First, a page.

Still the champion
Paihia man Rei Rei Morgan successfully defended the title he won last year at the kina-sucking contest at Saturday’s It! Bay of Islands Food and Wine Festival, finishing his quota almost before his rivals had started. The pie-eating and oyster-shucking events were won by Alex Ward (Kerikeri) and Shaun Hylton-Cave (Whanga¯rei), while an Aucklander received a prize for a selfinflicted oyster-eating injury. People celebrate milestone birthdays in all sorts of ways, but Auckland man a Rangi Turner is probably unique.
There was no celebration with friends and family when he turned 50 on Tuesday. Instead he climbed aboard his bike at Cape Reinga and pointed it in the direction of Bluff.
Rangi, who suffered a heart attack 12 months ago, said he was riding the length of the country, under the Man Up flag, to raise awareness of and funds for Mike King’s Key to Life suicide prevention programme, Totara Hospice in the Waikato, the Cancer Society in the Bay of Plenty and Man Up in Manurewa, with his wife as his support crew.
A companion who had planned to ride with him had had to pull out, he said, and arrangements for a camper van had fallen through, so the couple would be camping in a tent over the two and a half to three weeks he expected to be on the road.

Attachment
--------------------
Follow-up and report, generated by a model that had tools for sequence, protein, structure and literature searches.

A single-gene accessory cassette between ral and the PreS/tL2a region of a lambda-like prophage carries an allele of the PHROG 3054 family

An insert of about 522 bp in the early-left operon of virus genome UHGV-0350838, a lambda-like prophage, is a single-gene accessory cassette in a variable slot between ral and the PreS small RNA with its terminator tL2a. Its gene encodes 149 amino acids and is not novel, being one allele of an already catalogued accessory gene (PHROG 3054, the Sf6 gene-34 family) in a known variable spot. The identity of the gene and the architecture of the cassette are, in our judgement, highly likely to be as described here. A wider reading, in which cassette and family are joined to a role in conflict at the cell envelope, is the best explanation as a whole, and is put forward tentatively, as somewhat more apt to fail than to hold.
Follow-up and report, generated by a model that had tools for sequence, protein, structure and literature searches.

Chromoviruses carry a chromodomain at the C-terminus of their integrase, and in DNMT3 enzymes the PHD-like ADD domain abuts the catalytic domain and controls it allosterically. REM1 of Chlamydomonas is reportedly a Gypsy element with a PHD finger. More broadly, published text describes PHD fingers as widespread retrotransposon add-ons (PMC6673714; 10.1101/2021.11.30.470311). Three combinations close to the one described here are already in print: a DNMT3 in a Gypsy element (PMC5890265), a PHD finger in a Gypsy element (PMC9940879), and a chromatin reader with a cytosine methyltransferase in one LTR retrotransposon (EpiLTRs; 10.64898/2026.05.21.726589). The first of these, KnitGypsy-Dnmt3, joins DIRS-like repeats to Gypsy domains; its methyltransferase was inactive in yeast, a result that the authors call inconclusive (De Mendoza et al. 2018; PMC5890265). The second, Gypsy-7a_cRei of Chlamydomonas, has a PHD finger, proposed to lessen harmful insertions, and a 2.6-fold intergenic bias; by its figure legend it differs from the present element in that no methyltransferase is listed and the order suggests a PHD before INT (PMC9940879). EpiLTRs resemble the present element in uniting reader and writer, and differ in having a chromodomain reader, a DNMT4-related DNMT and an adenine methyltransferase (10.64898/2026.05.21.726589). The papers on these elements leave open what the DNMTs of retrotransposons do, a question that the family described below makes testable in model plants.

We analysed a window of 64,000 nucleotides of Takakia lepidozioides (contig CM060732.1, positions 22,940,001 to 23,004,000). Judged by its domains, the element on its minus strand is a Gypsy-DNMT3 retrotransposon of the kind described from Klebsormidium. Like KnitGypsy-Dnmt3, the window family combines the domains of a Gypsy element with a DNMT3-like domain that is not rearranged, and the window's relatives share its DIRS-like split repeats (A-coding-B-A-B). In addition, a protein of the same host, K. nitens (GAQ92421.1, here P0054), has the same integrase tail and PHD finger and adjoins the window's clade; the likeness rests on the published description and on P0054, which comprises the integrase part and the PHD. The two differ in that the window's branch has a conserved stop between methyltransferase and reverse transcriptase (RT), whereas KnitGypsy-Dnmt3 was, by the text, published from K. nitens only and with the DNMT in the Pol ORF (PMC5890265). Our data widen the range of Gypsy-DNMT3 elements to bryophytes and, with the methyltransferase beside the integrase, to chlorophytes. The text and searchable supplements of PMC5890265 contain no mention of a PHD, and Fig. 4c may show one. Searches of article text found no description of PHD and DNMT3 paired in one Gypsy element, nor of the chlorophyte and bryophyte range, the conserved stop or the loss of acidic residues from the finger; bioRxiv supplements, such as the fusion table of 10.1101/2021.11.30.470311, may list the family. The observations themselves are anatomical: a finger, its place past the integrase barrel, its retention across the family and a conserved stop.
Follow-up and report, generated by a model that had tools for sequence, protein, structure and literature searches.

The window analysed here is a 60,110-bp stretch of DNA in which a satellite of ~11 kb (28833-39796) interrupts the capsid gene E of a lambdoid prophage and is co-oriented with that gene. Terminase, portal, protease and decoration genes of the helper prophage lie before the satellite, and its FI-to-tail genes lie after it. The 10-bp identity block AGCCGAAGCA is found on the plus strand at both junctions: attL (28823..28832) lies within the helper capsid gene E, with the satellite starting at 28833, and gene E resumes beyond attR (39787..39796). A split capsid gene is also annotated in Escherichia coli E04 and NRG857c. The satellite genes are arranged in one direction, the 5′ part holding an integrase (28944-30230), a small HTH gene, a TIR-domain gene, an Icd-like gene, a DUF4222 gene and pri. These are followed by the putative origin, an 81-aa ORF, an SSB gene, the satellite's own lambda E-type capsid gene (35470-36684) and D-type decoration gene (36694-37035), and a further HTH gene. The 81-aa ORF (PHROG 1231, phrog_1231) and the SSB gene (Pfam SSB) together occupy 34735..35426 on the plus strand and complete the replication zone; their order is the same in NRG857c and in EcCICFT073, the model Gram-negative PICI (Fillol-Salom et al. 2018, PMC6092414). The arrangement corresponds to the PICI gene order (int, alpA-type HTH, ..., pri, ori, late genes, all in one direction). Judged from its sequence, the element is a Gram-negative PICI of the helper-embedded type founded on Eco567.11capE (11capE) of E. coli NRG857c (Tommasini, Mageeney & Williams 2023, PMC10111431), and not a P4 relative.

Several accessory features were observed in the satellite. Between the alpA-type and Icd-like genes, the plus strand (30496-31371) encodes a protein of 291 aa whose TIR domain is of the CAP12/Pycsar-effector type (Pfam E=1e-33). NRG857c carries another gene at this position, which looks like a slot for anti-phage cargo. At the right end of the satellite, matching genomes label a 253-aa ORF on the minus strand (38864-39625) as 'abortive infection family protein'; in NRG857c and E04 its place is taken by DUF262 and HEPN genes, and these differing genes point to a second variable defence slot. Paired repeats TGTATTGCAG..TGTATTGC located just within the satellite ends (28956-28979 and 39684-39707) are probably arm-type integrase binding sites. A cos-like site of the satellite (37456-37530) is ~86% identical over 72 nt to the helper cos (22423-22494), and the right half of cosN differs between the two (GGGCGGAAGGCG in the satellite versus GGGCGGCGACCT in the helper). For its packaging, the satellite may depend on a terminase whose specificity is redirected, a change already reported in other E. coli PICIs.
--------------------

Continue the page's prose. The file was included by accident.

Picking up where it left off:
He can be followed on the Facebook page Rangi’s ride for charity, while donations can be paid into the Kiwibank account 38-9016-0225715-02.
Icame from a family of 11, and we fought like cats and dogs. When I was little I had to go outside and pick up a bag of firewood before I was allowed my dinner. My dad left when I was seven, and mum threw a pot of mashed potatoes over his head. We loved our mum. We all still do.
I came here from Taranaki 30 years ago. I’m Te Rarawa now. I used to come up from Auckland just for the 90 Mile fishing competition. We had an ice cream parlour in Otara. I asked the Mrs if we should sell the shop and move north. We sold it in three weeks and moved up in 1987.
I love it up here, not the scallywags, or the gangs… but it’s the people. I love them. I sell them all of their watercress. I donate some money to the intermediate school for what I do. I have committed myself to that school. I give lots of watercress to the marae when there is a tangi. I started off charging them, but then I knew that wasn’t right. Aroha mai.
When I’m not here, I’ll be out picking fresh watercress every day. I have five farmers who let me pick on their land. It clears the waterways and frees the water. This is what I do. It’s a living.
I’m retired, but I don’t want to be wasting away. I’d rather be doing something.